Ocean sponge-dwelling bacteria have hidden talents. The kidney-red coral reef sponge, Theonella swinhoei, is a source of several anti-fungal and anti-cancer drug candidates. These compounds aren’t produced by the sponge itself but by symbiotic bacteria that live inside it. The compounds in question are called polyketides, secondary metabolites that happen to be made by just two bacterial tenants of T. swinhoei, which have eluded researchers up to now. Researchers from the Institute of Microbiology at ETH Zurich, Switzerland, working with the Joint Genome Institute and several other academic institutions, used advanced sequencing methods to zero in on the bacteria. More>
Posts Tagged ‘Joint Genome Institute’
Duckweed is a tiny floating plant that’s been known to drive people daffy. It’s one of the smallest and fastest-growing flowering plants that can be a hard-to-control weed in ponds and small lakes. But it’s also been exploited to clean contaminated water and as a source to produce pharmaceuticals. Now, the genome of Greater Duckweed (Spirodela polyrhiza) has given this miniscule plant’s potential as a biofuel source a big boost. In a paper published Feb. 19 in the journal Nature Communications, researchers from Rutgers University, the Department of Energy Joint Genome Institute and several other facilities detailed the complete genome of S. polyrhiza and analyzed it in comparison. More>
The Joint Genome Institute ninth annual Genomics of Energy & Environment Meeting agenda has been posted. Register now and submit poster abstracts by March 3. Short talks will be selected from these submissions. Keynote speakers include Stephen Quake of Stanford University and Annalee Newitz of science news website io9. State-of-the-art presentations by invited speakers on microbial, fungal and plant genomics, as well as metagenomics. In addition, tutorials on genomic informatics, data management, and new genomic technologies. The meeting runs from March 18 to 20. More>
The Joint Genome Institute Community Science Program is now accepting Letters of Intent for large-scale sequence-based genomic science projects that address questions of relevance to Department of Energy missions in sustainable biofuel production, global carbon cycling, and biogeochemistry. Priority for this call will be given to projects that address the following areas of special emphasis and exploit the diversity of JGI capabilities. More>
Researchers from the Joint BioEnergy Institute, Joint Genome Institute, and collaborators have developed a portable, network-enabled system for testing drinking water contamination. The system, called ScanDrop, uses microfluidics technology and cloud-based networking to scan water samples for pathogens and transmit the data remotely. More>
Joint BioEnergy Institute CEO Jay Keasling, Sarah Richardson and Sam Deutsch of the Joint Genome Institute, and Nathan Hillson of JBEI last month gave a presentation on synthetic biology to the Lab’s Community Advisory Group (CAG). CAG was formed in 2010 to provide input into the Lab’s physical plans and development projects.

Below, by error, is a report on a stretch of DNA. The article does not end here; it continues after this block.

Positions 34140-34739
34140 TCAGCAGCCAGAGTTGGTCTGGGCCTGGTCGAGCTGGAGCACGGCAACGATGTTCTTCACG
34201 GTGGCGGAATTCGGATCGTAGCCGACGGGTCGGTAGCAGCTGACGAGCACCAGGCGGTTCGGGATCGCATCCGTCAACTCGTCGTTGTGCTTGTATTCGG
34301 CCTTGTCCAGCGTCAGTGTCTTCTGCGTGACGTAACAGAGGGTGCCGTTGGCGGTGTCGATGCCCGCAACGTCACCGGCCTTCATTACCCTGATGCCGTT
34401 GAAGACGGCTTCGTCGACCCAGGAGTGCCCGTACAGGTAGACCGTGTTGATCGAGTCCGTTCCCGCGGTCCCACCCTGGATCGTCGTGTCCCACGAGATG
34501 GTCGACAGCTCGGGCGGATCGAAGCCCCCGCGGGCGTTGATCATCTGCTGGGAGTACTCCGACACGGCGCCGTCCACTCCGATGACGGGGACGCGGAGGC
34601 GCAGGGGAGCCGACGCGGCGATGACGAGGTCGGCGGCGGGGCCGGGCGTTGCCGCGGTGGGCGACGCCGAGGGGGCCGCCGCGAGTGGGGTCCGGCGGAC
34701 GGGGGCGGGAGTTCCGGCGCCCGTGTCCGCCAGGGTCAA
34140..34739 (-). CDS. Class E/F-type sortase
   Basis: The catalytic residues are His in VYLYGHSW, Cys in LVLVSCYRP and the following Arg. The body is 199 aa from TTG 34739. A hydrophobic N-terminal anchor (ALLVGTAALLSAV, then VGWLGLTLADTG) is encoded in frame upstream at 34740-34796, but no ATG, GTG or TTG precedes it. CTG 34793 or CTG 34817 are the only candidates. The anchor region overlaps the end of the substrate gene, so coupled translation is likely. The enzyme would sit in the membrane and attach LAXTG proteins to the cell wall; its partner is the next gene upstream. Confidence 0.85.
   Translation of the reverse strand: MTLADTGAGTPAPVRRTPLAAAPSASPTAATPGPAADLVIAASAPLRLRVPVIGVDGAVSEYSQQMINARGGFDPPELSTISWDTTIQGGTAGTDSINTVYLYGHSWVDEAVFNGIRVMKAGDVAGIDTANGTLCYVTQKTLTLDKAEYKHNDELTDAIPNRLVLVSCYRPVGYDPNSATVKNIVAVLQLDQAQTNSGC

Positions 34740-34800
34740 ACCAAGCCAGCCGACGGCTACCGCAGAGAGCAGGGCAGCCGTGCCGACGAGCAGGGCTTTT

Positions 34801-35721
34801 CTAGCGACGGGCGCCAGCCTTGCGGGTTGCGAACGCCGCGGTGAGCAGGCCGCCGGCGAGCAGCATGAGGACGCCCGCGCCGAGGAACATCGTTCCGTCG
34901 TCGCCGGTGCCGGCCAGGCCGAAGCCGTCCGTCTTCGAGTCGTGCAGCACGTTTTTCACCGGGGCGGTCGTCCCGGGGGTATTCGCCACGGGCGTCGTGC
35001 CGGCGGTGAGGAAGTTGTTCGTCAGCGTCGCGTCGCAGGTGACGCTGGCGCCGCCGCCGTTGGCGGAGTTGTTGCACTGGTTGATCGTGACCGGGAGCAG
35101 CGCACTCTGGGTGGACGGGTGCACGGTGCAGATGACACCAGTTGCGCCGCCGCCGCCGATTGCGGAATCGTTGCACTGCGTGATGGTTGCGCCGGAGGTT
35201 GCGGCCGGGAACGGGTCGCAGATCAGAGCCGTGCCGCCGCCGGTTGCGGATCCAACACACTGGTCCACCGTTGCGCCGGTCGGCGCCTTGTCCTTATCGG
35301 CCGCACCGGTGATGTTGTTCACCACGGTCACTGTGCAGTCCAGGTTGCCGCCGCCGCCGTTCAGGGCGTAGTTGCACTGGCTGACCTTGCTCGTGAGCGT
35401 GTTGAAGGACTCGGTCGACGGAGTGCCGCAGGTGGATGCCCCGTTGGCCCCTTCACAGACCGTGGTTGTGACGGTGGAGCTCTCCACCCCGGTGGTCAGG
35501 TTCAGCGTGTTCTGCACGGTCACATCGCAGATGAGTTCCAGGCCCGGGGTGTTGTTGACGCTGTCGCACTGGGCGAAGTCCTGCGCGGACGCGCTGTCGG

The Call for Collaborative Science proposals between the Environmental Molecular Sciences Laboratory (EMSL) and the Joint Genome Institute (JGI) is now open. The deadline to submit Letters of Intent is April 7. This call represents a unique opportunity for researchers to combine the power of genomics and molecular characterization in one proposed research project. More>
JGI’s Annual User Meeting, Genomics of Energy and Environment, will take place March 18-20. Keynote speakers include Annalee Newitz of io9 and Steve Quake of Stanford University. Topics include microbial genomics, fungal genomics, metagenomics, and plant genomics, genome editing, natural products, pathway engineering, synthetic biology, high-throughput functional genomics, and societal impact of technological advances. State-of-the-art presentations by invited speakers as well as short talks selected from poster abstracts. In addition, there will be tutorials on genomic informatics, data management, and new genomic technologies. More>
The holiday spirit was evident across the Lab as employees donated food, money, blankets, coats, and toys. The Earth Sciences Division raised nearly $600 for the Alameda County Food Bank. The Materials Sciences Division (pictured) raised over $450 for the food bank, collected 50 coats and a large box of toys, and made lap blankets for local hospice patients. The Office of the Chief Financial Officer pooled funds to purchase 90 gifts for seven families via the Brighter Beginnings program. The Joint Genome Institute collected more than 368 pounds of goods for the Contra Costa Food Bank. The Lab-wide BOSS initiative brought in 80 pounds of toiletries, towels, and socks.
Named for its striking flowers that resemble scrunched-up monkey faces, monkey flower is a near cousin to the oft-domesticated snapdragon. A group of researchers led by the Joint Genome Institute completed a draft sequence of the monkey flower (Mimulus guttatus) genome and identified the historic footprints of DNA recombination events that have shaped the development of this plant species over the last several hundred thousand years. These findings, recently published in the journal Proceedings of the National Academy of Science (PNAS), should inform new plant breeding strategies that could be vitally important to developing improved bioenergy plant feedstocks. More>